We took to heart this tournament's role as the "middle" or "bridging" tournament in the ACF series. This meant that we aimed for roughly half of our tossup answers to be easy, or permissible at ACF Fall (I'd have to run the numbers, but I believe we did hit this benchmark), and we chose bonus easy parts that were on average answerable by the vast majority of the field (we mostly hit this, but there were occasional situations in the humanities where this was not possible without badly contorting the bonus). We also wrote many "deep" questions on fundamental topics. Importantly, however, we recognized that this tournament will be played by many teams that are (considering) also playing ACF Nationals for the first time. Having once been on such an enterprising team, and having observed many such teams every year over my decade of involvement in the game, I sympathize with how much of a chasm still exists between regular and nationals difficulty. Therefore I instructed my coeditors to use the first line or two of many tossups, and the third parts of many bonuses, to pointedly draw from (or ask, in the case of bonuses), topics or fields that aren't often represented in the regular difficulty "canon". These included (but weren't limited to) the academic study of literature or history, the "doing" of science, and cultural studies. We also aimed to illustrate the ties between artists and creators who only seem to appear at hard difficulties to traditions and topics more familiar to a regular difficulty audience. We tried to do this as unobtrusively as possible, but I recognize that this sometimes resulted in hard leadins and third parts, and verbose bonuses. But I believe that we have created a useful sampling of traditionally higher difficulty topics without generating a set that was too hard to play.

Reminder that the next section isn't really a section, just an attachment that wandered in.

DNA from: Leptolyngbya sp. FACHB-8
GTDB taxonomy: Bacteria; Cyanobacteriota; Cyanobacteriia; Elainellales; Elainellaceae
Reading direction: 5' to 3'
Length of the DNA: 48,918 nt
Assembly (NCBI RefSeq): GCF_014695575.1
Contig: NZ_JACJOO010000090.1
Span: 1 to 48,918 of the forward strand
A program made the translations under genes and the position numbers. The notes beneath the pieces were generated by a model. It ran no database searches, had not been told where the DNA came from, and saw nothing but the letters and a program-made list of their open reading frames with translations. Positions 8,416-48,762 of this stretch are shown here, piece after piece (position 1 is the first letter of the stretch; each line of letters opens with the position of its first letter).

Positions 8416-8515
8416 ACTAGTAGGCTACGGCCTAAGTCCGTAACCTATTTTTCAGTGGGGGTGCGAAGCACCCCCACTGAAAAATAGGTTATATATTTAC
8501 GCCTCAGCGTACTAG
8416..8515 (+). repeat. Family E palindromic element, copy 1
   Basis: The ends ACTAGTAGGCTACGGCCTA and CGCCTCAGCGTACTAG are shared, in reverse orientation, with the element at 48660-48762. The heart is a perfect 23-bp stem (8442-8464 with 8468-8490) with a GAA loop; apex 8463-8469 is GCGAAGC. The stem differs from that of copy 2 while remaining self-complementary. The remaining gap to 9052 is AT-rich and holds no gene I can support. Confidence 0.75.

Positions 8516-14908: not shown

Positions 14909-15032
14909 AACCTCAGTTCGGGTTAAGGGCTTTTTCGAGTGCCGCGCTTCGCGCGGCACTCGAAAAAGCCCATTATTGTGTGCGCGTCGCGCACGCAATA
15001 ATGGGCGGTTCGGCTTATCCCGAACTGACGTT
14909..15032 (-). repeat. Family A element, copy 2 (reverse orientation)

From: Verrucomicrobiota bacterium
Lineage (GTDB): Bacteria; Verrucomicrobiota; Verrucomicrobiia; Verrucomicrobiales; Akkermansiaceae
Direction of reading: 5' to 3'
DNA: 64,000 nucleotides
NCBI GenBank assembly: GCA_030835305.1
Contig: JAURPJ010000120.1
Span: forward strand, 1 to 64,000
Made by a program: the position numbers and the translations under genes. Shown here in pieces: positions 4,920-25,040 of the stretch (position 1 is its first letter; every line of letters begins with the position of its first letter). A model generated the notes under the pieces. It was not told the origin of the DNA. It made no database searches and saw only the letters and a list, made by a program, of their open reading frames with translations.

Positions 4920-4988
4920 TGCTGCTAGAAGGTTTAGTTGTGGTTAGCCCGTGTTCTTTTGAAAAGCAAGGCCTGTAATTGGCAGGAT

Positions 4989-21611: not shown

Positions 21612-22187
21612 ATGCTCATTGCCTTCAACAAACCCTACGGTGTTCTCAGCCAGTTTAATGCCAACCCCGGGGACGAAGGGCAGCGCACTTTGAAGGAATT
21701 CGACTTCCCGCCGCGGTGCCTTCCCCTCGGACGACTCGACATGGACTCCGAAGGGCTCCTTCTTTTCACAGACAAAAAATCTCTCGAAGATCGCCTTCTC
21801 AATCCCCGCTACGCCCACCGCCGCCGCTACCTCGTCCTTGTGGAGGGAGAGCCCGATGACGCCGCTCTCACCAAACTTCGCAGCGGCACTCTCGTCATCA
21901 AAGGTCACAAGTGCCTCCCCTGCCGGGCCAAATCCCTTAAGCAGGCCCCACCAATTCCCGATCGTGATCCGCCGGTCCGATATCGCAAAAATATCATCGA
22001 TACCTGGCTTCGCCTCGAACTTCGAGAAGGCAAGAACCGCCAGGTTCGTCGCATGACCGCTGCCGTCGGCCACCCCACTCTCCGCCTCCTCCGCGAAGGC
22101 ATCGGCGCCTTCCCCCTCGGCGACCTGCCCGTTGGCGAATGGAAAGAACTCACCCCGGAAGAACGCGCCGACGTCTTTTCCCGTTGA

But that's enough from me. Make general comments about the set here, and use the other thread for specific question related comments.
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Re: Thanks and General Discussion

Post by AGoodMan » Mon Jan 22, 2018 11:56 am

*These sentiments are those of a sophomore with limited college reg-level exposure.